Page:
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Listen while you read: "Jesus I Am Resting Resting"1 (Lyrics)
John 19:17 – They took Jesus, therefore, and He went out, bearing His own cross, to the place called the Place of a Skull, which is called in Hebrew, Golgotha. (NASB)
During Holy Week, many Christians throughout the world symbolically follow Christ's journey to the cross to enhance their spiritual experience of the journey from Pilate's judgment hall to Calvary. Prayers and reflections are considered while following successive incidents on Christ's journey, known as the Stations of the Cross, a series of depictions represented by pictures, paintings, or sculptured plaques which have been set up along a path commemorating the events of the passion of Jesus.
My encounter with this tradition came through an invitation by a friend to attend a weekend spiritual retreat in the foothills of the San Bernardino Mountains, California, USA. During the retreat, the congregants were invited on a walk to follow the Stations of the Cross for thoughtful prayer and reflection. This experience allowed me to meet God in a unique way, with an increased awareness of Christ's suffering as He made His way along the Via Dolorosa in Jerusalem that day.
To think that the event of Jesus' journey to the cross was a one-time event in history is to misunderstand the role of remembering. Throughout Scripture, in both Old and New Testaments, God's people are called to remember. In remembering this event by walking the Stations of the Cross, we are not just re-enacting a 2,000-year-old event. We are making our own journey, and in the process confessing our own dependence upon God.
When we follow Jesus on His journey, we begin to understand that in Jesus' sufferings, we see our own journey mirrored in His. We sometimes struggle on the journey, trying to understand the unfairness of life. We may be misjudged and misunderstood by others. We suffer physical and emotional pain as part of being human. All too often, we experience painful endings. Marriages fail. Children make destructive decisions. Friends betray us. Loved ones die. Sometimes, the world becomes dark and hopeless, like the world of Good Friday as Jesus journeyed to the cross.
Challenge – As we follow Christ, we are compelled to identify with those who suffer in their own journey. Let us reach out to help those around us, showing God's love by listening, praying, and assisting those in our community who are in need.
Prayer – Heavenly Father, as we begin this journey of the cross, we open our hearts and minds to You. We lay aside for these moments the trivialities of our life and bring ourselves into Your presence. Speak to us what we need to hear, and help us to hear Your spoken words afresh in our hearts. In Jesus' name, we pray. Amen.
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May it be so Parise.
I never thought of it this way. Very interesting.
Beautiful Parise, Thank you.
Easter Blessings to you and your loved ones.
Dear Parise: Thank you so much for your words. I am deeply moved by them. Blessings to you and yours.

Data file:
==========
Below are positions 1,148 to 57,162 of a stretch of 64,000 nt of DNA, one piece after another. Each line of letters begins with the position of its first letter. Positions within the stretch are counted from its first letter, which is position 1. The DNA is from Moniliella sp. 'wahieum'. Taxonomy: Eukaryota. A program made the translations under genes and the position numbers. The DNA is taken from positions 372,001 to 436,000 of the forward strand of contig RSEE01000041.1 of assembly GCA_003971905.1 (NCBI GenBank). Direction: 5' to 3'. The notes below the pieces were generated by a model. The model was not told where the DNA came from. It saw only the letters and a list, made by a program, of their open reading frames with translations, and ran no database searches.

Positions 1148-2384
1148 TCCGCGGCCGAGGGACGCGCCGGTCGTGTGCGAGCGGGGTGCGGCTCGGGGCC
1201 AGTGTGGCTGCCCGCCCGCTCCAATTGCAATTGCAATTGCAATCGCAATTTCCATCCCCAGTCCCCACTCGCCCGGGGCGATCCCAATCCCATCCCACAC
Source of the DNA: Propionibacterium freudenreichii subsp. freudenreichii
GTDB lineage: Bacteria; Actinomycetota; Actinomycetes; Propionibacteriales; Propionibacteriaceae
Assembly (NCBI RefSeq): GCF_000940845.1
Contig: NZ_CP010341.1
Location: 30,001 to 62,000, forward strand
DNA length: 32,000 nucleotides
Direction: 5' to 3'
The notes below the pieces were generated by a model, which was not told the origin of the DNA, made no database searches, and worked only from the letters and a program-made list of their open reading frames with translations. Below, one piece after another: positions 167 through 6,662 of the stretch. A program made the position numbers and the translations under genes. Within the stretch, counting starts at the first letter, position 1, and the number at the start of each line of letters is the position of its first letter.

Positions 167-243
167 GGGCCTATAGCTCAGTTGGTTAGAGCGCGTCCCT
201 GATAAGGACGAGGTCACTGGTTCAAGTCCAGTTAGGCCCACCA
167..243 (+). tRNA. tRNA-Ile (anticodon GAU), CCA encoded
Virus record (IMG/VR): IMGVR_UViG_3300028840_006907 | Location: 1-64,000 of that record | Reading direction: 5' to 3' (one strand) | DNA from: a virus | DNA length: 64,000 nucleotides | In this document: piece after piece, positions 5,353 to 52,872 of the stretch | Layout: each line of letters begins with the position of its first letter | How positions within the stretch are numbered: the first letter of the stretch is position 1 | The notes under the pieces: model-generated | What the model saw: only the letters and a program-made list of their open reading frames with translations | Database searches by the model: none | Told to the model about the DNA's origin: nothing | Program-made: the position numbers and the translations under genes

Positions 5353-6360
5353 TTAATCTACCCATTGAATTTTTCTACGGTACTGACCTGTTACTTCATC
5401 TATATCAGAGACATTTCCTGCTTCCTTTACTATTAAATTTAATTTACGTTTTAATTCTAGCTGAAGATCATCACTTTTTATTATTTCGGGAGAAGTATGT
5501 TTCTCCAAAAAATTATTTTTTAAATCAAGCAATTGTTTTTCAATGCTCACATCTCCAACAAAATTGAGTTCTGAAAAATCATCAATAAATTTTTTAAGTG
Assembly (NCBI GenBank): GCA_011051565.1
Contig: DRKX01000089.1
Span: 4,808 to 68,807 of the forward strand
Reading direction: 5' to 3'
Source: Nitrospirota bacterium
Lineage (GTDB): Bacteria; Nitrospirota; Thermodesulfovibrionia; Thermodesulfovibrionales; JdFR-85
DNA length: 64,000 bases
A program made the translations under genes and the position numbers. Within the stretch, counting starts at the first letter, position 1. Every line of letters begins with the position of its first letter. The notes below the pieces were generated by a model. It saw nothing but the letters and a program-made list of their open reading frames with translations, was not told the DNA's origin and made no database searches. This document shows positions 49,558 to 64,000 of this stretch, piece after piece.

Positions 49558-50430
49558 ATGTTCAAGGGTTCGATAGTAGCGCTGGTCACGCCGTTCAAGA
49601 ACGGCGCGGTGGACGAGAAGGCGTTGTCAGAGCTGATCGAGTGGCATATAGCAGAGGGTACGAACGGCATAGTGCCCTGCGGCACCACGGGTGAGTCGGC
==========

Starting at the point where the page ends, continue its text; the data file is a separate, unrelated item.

Thanks for your words regarding remembering Christ’s journey. His sacrifice for us is unforgettable. Keep on writing dear sister.
Such a great message, I had to share on FB.
Blessings to you Parise. May you enjoy Easter in a very special way.
Homerun Parise: the walk, the reflection and the prayer truly brings us closer to God. Understanding Jesus and the pain he endured, lets me know how much he loved us.
This was an interesting message reminding me of my upbringing in the Catholic Church. At that time, the Stations of the Cross were nothing more than a ritual to me but in light of your devotional, I can see why this tradition may be very meaningful to many Christians. Thank you for sharing your insights and challenging us to follow Jesus’ example in caring for others.
Good Morning Parise, from the high desert of Ridgecrest, also known as China Lake.
I have responded to the devotionals, and it’s amazed me that I have heard back from the writers. I have read all of your writings and have enjoyed them so very much. The one today, Journey to the Cross, is the theme of my Pastor’s Easter series sermons.
May the Lord bless you and your family abundantly in all you do. Have a Easter filled with endless blessings!
Indeed a fresh look Parise,
Even though many do not follow this tradition, there is significant merit to what you have said and experienced.
Not understanding this as a child makes me wonder if the purpose of this ritual should be highlighted in a more meaningful and memorable fashion by the church.
Thank you for your insight and bringing this to our attention.
Have a blessed Easter.
Very good Parise – I think we got the Stations of the Cross from St Francis of Assisi.
There is a tough Stations of the Cross to do when climbing Mt. Krizevac (Cross Mountain) in Medjugorje, Bosnia-Hercegovina with prayers to be said at every station. I have done this several times over the years and believe me, by the time you have reached the top of the mountain, you are physically finished for the day.
I did not understand why Our Lord fell so many times until I had an ulcer attack that came out of nowhere and almost killed me. I lost a lot of blood quickly and as my wife was guiding me out to the car, my legs gave out – like they went to sleep. My heart was pounding, trying to move the blood that I had left around as best as it could. I really should have died but God has other ideas. Maybe He needed the laughs that I give Him!
Anyhow, keep on writing. We are in Holy Week and Our Lord simply asks us to accompany Him up to Calvary and keep Him company as He endures His Passion.